Major progress to date has been made chiefly in the area of faster and less expensive establishing of companies. Slovenia will now focus on the growth phase of SMEs. This means that alongside the further development of financial mechanisms, specific orientations and mechanisms will need to be developed in order to build upon the efforts thus far aimed primarily at the phase of establishing companies.

Support will be needed for innovative SMEs with high growth potential operating with high value added.

Points of emphasis:

  • SMEs are a dirving force in the European economy, clearly contributing to growth and the economy, so they need to be supported. Focus is needed on the SME growth phase.
  • A support environment needs to be constructed for the target group of technological and non-technological enterprises and entrepreneurs with rapid growth potential.
  • Entrepreneurism and an entrepreneurial culture need to be fostered, since this will be exceptionally important both for SMEs and large enterprises.
  • The EU needs a general political framework for clusters, which among other things would promote better collaboration among the clusters of individual Member States. Slovenia believes that clustering represents one of the most important tools for collaboration between the research sector and the commercial sector, and consequently for the transfer of innovations to the economy.
  • We need to ensure access to attractive financial instruments for the support of company growth, which is vitally important to the fulfilment of innovative projects with high value added and major market potential.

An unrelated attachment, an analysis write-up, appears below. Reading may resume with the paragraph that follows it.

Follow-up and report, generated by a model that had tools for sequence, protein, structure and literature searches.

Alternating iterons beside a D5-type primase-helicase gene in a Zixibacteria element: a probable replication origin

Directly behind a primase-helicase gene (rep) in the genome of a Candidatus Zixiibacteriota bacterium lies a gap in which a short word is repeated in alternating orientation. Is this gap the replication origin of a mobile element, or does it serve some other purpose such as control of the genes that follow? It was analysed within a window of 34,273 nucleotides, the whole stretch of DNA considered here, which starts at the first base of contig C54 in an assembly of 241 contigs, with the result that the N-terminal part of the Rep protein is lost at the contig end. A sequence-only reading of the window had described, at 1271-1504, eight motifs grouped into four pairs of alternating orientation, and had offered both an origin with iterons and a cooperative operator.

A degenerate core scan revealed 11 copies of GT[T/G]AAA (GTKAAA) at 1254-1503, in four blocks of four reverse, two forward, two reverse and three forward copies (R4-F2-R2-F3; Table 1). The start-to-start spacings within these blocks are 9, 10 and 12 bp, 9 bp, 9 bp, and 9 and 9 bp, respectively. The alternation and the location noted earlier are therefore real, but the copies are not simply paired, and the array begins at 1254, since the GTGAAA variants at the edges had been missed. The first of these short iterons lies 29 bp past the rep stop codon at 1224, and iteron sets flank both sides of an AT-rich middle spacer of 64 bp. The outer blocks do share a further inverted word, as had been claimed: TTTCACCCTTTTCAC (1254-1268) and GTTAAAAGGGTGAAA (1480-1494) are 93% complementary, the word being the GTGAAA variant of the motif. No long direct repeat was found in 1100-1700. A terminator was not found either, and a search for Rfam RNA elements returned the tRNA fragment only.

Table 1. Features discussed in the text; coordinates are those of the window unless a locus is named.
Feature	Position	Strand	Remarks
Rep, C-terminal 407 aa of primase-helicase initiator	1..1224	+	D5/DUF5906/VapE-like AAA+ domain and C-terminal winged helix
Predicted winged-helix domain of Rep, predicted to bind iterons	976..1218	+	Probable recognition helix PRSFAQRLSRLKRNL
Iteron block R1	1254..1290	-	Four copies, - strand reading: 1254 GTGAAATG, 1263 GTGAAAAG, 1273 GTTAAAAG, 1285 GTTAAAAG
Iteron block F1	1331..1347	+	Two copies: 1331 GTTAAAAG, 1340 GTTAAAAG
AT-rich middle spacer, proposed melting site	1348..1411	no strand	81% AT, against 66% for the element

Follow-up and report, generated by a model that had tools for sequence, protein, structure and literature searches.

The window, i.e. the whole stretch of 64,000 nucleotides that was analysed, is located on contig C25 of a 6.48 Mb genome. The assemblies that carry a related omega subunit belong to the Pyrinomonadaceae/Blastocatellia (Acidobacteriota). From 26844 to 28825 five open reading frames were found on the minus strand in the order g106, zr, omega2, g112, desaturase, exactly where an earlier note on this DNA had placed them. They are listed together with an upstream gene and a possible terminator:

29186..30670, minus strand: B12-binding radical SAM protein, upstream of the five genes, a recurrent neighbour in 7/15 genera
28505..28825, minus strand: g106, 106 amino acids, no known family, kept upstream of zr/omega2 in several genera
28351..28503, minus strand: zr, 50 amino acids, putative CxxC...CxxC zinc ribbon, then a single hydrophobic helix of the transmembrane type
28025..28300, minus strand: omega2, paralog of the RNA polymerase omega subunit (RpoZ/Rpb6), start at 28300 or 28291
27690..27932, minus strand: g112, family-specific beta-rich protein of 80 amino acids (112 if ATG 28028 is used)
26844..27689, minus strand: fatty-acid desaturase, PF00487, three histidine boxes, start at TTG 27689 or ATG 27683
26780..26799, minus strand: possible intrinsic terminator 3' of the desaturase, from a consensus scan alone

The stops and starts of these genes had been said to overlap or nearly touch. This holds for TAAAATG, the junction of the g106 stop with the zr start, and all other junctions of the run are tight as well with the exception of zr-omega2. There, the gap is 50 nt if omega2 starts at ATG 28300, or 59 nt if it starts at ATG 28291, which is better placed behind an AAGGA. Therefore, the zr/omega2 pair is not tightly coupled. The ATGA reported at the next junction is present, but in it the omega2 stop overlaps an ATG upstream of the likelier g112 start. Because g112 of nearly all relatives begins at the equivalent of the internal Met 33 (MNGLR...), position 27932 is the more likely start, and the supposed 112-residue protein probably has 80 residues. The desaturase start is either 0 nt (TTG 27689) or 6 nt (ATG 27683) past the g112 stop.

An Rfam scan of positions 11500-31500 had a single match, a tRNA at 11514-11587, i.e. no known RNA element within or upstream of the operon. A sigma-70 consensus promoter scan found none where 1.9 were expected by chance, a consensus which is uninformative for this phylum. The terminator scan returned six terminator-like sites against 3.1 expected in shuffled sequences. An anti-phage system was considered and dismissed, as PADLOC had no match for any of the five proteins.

• In our conclusions we will call upon the European Commission to offer concrete proposals regarding the Small Business Act.


Sustainable industrial policy

The Action Plan for a Sustainable Industrial Policy will be published early in the spring of 2008. Slovenia will give the actual dossier priority treatment and will devote attention to it at the May meeting of the Competitiveness Council.

In the spring of 2007 the European Council reiterated its commitment to changing the European economy into one that is energy efficient and involves minimal carbon. This goal must also be pursued in industrial policy. It is important for potential challenges to be turned into opportunities for European industry. It is important to encourage innovation and the use of environment-friendly technologies, products and services.



In December 2006 the Competitiveness Council adopted a broad-based innovation policy, which embraces nine strategic priorities, and also undertook to prepare annual reports on progress in implementing the Strategy. The first report should be prepared within the framework of the debate on the Lisbon Strategy early in 2008. December 2007 will see the publication of the communication on lead markets, which is one of the strategic priorities and which should, based on the identification of promising, rapidly growing markets for high-technology and innovative products and services, improve competitiveness on the global scale. At the same time, an initiative on innovations in the services sector is being prepared.


Accessibility     . Print     .

Date: 04.01.2008